Sep 21, 2018 08:03 UTC
Sep 21, 2018 at 08:03 UTC
Japanese Crypto Exchange Hacked, losing $60 Million
The humans are to be blamed for any disturbance in the well-organized system. It is the humans that are the real threat and not the computers. Hackers are the unauthorized user that steal, change or corrupt the data from the system that they are logged in to. A recent activity from the hackers has again reminded us of these predators when a major crypto exchange, Zaif, in Japan was hacked this week losing almost $60 million in user funds.
As reported by the Local news agency and Japan Times that 6.7 billion Yen was stolen by an anonymous group of hackers. About 2.2 billion yen in corporate funds and 4.5 billion yen in user funds were lost during the breach.
The victimised firm, Zaif, has promised its customer that all the investors affected by the incident will be reimbursed in cryptocurrencies. Fisco, a Tokyo-based financial markets research firm, has made a deal with Zaif in which Fisco has given 5 billion Yen to the company in return for a majority stakes in the exchange. It was also reported in the Japan Times that, “The firm originally said about ¥6.7 billion was hacked, but the actual amount has yet to be confirmed as the server that was attacked has not been rebooted for security reasons,”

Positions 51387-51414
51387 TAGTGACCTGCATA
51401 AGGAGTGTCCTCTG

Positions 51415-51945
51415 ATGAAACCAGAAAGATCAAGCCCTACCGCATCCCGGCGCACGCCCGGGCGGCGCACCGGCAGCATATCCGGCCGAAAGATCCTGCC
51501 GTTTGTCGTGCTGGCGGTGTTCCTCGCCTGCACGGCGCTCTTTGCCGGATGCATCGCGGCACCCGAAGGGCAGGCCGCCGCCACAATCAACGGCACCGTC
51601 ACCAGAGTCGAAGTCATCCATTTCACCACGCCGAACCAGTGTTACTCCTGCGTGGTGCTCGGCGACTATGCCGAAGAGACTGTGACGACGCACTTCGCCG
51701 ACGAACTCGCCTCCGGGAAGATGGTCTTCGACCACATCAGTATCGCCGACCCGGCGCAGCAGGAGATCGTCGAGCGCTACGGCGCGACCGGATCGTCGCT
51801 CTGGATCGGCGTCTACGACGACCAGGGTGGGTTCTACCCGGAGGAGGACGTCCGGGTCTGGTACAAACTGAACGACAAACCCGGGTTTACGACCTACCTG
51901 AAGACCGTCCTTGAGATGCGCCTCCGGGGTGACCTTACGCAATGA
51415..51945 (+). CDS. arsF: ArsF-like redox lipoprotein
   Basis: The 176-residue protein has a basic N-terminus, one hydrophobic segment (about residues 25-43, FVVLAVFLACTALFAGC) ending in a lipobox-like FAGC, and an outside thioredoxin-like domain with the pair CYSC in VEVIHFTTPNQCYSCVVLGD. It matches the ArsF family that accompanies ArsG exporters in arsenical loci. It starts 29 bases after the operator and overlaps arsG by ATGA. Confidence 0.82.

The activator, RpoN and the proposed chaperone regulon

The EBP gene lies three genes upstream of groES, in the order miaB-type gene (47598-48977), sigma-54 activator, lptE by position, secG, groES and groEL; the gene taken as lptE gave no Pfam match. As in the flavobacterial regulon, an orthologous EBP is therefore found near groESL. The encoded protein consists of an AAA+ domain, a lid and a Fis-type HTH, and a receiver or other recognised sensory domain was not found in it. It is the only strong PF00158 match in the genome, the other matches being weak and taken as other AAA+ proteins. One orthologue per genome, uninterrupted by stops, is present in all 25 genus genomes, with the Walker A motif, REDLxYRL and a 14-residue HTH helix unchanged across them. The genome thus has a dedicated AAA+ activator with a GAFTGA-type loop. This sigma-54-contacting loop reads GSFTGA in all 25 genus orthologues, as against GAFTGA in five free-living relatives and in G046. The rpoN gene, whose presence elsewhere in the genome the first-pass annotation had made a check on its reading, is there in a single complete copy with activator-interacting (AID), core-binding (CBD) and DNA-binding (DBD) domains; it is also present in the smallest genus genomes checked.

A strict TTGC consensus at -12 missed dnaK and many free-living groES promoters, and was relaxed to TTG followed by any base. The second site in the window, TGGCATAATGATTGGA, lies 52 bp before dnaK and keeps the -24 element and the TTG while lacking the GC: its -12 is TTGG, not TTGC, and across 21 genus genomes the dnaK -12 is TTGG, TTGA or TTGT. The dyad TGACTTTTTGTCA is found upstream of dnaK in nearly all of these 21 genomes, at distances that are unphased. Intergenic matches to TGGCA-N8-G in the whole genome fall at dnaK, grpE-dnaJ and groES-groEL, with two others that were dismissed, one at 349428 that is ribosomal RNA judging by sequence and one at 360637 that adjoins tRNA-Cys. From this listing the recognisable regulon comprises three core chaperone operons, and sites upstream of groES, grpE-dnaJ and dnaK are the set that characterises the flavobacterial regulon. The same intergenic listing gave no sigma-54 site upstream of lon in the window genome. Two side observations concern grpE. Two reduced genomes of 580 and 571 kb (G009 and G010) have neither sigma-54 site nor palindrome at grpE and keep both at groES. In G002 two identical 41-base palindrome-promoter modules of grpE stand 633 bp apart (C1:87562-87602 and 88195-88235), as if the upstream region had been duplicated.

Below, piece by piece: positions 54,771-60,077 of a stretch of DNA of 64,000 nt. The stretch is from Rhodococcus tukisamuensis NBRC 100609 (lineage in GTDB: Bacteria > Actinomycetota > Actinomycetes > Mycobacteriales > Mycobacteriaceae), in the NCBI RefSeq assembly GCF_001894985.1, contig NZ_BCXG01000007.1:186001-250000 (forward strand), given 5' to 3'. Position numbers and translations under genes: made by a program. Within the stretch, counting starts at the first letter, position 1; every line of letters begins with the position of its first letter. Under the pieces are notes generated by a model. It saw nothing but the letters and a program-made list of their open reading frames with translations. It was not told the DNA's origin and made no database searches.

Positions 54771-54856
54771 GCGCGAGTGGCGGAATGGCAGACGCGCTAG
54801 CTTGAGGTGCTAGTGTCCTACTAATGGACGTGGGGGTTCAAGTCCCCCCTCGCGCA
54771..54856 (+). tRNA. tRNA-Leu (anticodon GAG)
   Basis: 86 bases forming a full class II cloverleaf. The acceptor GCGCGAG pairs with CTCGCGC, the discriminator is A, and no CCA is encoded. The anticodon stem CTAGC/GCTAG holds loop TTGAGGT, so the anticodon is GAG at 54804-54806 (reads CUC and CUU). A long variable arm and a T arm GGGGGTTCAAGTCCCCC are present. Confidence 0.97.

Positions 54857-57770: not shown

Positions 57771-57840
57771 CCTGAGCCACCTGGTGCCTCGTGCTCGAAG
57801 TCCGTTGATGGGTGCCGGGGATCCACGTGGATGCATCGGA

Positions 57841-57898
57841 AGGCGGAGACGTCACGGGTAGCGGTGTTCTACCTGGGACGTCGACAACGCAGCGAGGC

The Japanese Financial Services Agency (FSA) implemented strict policies to regulate crypto exchanges in April last year. FSA also created a licensing program in which the crypto trading platform was to file license in order to operate within the country. 160 companies are currently planning to file licenses to operate as regulated digital asset exchanges in the country.
The Zaif incident has made the Japanese government realize the importance of implementing more strict policies and a proper internal management system as the digital asset trading platform require proper regulations.
This recent hacking should hint the Japanese government to cooperate more actively with exchanges, and involving the leading government agencies in the security and internal management system of exchanges that will ensure the investor fund remains safe.